word-final position is, in fact, the lengthening of the preceding vowel. Both the phonetic
voicelessness and the phonetic lengthening are phonologically sub-categorical, no matter how
voiceless a consonant and how long a vowel is. Even if they are identical to phonologically
voiceless and phonologically long, they remain sub-categorical and will remain so unless
phonology reshuffles the system (which wouldn’t be easy, since both long vowels and voice
contrast are lexically indispensible independently of the discussed case). If the reshuffling
were indeed to take place, then we would be able either to refer to the listener-initiated change
or otherwise explain it phonetically, while the ultimate decision would be systemic and
phonological and not phonetic and local.
All this is not meant to imply, however, that categorical phonological features and
phonological processes operating on them do not have phonetic values. Every natural
phonological process has phonetic content and phonetic explanation. Their application,
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however, is phonologically constrained. But once a process applies, there must be a way to
find a phonetic account for its performance.
6.5.1. In view of the above discussion, let me refer to the yet unpublished manuscript by
Gussmann 2004, entitled “The irrelevance of phonetics: a story of the Polish palatalisation of
velars.” The paper consists in the basic denial of phonetic explanation of the so-called velar
palatalisation in Polish. Gussmann refers to the traditional account of the Polish palatalisation
of velars, which regards the fronting of velar plosives /, / as a phonetically motivated
historical process of articulatory assimilation before front vowels. The palatal spirant [] is
traditionally seen as a result of borrowing or analogy (since it cannot be shown to result from
a regular palatalisation of the velar //). Thus, alternations between [] ~ []4 before [, ], as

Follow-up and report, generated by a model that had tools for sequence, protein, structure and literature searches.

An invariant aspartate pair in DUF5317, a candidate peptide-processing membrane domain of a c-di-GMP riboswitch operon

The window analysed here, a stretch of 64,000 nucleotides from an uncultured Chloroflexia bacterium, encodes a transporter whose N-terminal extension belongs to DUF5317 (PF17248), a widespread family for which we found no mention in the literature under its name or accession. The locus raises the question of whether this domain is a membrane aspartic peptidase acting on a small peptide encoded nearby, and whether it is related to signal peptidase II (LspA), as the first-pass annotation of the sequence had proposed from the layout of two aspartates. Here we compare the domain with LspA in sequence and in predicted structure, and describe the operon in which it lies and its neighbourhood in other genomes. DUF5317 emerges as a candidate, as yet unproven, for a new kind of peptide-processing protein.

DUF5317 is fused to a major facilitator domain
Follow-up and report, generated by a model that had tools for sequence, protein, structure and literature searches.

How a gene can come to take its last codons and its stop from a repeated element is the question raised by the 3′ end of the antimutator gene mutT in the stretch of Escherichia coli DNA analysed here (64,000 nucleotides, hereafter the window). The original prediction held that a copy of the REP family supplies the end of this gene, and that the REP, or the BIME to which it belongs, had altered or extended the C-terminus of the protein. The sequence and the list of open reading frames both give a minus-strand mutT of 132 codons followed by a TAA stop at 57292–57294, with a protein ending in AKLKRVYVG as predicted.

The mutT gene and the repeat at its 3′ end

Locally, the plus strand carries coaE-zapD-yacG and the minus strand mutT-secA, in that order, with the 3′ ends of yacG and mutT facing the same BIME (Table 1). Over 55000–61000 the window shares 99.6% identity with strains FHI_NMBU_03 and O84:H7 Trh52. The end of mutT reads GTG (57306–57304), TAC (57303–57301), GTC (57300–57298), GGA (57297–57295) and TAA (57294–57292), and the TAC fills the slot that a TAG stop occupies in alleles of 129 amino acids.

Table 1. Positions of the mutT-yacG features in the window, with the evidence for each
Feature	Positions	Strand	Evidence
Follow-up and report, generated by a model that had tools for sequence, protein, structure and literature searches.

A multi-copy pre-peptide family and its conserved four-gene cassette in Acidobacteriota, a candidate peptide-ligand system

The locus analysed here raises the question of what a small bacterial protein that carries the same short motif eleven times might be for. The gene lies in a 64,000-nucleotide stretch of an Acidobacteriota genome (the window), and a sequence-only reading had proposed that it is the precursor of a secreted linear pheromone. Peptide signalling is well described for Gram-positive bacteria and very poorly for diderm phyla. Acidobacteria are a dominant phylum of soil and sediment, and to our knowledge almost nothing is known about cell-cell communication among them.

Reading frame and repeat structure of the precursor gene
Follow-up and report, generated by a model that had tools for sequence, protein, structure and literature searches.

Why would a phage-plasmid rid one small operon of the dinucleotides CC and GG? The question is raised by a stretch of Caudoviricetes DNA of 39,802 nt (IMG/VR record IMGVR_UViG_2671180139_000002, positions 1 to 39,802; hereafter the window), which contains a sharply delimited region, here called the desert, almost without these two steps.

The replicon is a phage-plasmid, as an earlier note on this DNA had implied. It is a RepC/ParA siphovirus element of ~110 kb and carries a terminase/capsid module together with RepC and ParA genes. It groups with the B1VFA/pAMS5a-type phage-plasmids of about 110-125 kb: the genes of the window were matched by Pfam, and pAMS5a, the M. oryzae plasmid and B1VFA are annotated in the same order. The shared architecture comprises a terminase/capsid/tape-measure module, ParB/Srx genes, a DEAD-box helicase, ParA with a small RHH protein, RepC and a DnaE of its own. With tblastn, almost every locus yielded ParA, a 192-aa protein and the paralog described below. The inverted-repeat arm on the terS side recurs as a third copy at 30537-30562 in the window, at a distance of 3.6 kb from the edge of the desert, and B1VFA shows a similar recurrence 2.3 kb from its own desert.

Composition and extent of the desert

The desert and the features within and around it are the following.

in:
(1)
skoki ~ skok
ptakiem ~ ptak
as well as non-alternating [], as in:
(2)
kiedy
bukiet
// behaves differently, and shows no alternation with [], e.g.:
(3)
głucha – głuchy – głuchemu
Gussmann argues against the phonetic naturalness of a statement: “Velars are fronted before
front vowels”. Let me summarise shortly his arguments. Firstly, non-palatalised forms are
attested in dialects, i.e. [, , ] (and the voiced counterparts), as in
(4)
cukierek, kiedy, kij
4
I will provide examples with voiceless velar plosives to save time, with the implication that the same comments
concern the voiced counterparts.
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This implies that palatalisation may but does not have to apply. Secondly, a front nasal vowel,
assumed to have blocked palatalisation, does not have to block it (cf., e.g., gęś). Thirdly, the
putative high front vowel causing palatalisation is in fact a reflex of the central vowel [].
Thus, the innovation involved not just the fronting of a consonant before a front vowel, but a
simultaneous change of a consonant and a vowel, i.e. a change from [] to [] (a velar
plosive and a high central vowel changed into a palatal plosive and a high front vowel). In
other words, there is no palatalisation before [], since [] does not appear after velar plosives
(cf. also such examples as
(5)
słaby, głuchy vs. taki
in the latter [] being a contextual variant of []). Consequently, Gussmann concludes, “no
causal link can be established between the nature of the vowel and the palatal character of the
preceding plosive”.
Further argumentation brings about the fact that there is mostly no palatalisation
before [] in loan words, e.g. in
(6)
kelner, kemping, kefir
Also, those dialects which preserve the central vowel after velar plosives, e.g.
(7)
kij as [], taki as []
do not palatalise the consonants. Another problem concerns the non-systematic behaviour of
the velar fricative. On the one hand, it seems to resist palatalisation (recall głuchy, głuchego),
on the other, there is dialectal variation between
(8)
[] ~ [] chyba etc.
varied treatment of both native and foreign derivatives and loans as in
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(9)
szachy ~ szachista, hydrant ~ historia, etc.
as well as a systematic palatalisation of [] in derived imperfectives, e.g. zakochać ~
zakochiwać, cf.:
(10)
załamywać, pisywać, wskazywać with [-]
vs.
opłakiwać, wczołgiwać, zakochiwać with [-]
In view of the above facts, it appears to be difficult if not impossible to maintain the phonetic
explanation of the so-called palatalisation of velars in Polish. According to Gussmann, the
only way to rescue the phonetic explanation would be to admit that not all cases of [] are
front, that [] is indeed front, and that most instances of [] are not velar. “Few phoneticians
will be prepared to say that”, comments Gussmann.
6.5.2. The question remains, however, why then [k] and [] both undergo fronting when
combined? After all, some phonetic explanation is due, it must only come from a better
informed phonetics. My prediction is that [ki] (non-palatalised stop + front vowel) cannot be
“comfortably” pronounced as a CV. If [k] (non-palatalised stop + central vowel) is not
maintained5, [ci] (some variant of a palatalised velar + some variant of a fronted vowel) seems